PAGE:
"Writing is arrogant." I don't remember where I've heard this before. Perhaps it was Ryan, The Grumpy Owl, who mentioned it to me first, and at the time I don't believe I gave it much thought, if at all. But I find myself thinking about these words every so often; they've landed somewhere in my brain and wouldn't leave. I was wondering what others are thinking about it -- is writing arrogant?
Well, on the one hand, writers assume that their word is important enough to be read. They assume they have something to say to the world that is of value (added). They assume they can teach / influence / affect people. They want their words to do that.
Then again, so does any other art form, no? Show me an artist who doesn't want his work to affect the person experiencing his art, and I'll call him on it. So does that means that art in itself is arrogant?
This concept pains me. I don't know why but it does.
Take even non-fiction writing, say articles. They have to sound authoritative to pass even the first acceptance level. Say blogs, this post. I make very strong statements and I make them in a way that sounds as if I believe I'm right (which I am, of course... :).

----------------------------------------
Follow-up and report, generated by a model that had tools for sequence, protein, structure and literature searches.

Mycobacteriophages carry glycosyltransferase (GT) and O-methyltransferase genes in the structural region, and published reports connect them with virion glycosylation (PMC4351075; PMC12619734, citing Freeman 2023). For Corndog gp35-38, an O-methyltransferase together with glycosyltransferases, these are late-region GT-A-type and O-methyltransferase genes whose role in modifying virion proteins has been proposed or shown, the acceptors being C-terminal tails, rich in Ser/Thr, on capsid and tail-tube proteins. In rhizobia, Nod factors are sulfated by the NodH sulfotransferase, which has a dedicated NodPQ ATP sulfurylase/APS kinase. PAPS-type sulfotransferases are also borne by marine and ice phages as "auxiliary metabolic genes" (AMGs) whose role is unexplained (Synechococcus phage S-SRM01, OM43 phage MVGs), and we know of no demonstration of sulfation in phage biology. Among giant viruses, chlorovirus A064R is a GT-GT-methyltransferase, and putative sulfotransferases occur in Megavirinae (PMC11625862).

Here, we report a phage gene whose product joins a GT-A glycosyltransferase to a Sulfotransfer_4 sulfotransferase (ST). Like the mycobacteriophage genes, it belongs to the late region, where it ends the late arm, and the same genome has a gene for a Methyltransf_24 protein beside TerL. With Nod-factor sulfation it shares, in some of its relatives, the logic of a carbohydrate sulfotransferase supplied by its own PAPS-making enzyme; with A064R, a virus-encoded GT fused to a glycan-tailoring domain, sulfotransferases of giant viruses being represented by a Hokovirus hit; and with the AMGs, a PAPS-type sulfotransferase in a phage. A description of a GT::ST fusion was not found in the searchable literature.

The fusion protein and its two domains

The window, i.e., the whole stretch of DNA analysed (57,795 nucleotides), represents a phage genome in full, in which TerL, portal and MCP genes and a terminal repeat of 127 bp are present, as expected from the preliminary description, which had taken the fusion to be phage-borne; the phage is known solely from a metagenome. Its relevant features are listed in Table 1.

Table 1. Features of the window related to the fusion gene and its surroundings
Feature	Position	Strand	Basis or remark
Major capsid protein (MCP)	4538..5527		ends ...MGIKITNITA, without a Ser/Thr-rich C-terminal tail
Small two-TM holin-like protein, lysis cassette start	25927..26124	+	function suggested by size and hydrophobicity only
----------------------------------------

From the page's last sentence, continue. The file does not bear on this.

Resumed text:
See why the concept pains me? Or is it me?
Take a fictional work, say a novel. You want your readers to be at the very least moved enough so they would turn the page. But you want more, no? What you really want is for them to cry and laugh, bite their nails and sigh in relief. You want them to think your words are important / interesting enough to be read. You want them to experience them same thing you do when you read a good book.
Is that such an arrogant thing to want to be able to affect people? Or is it something else?
Tags: writing, general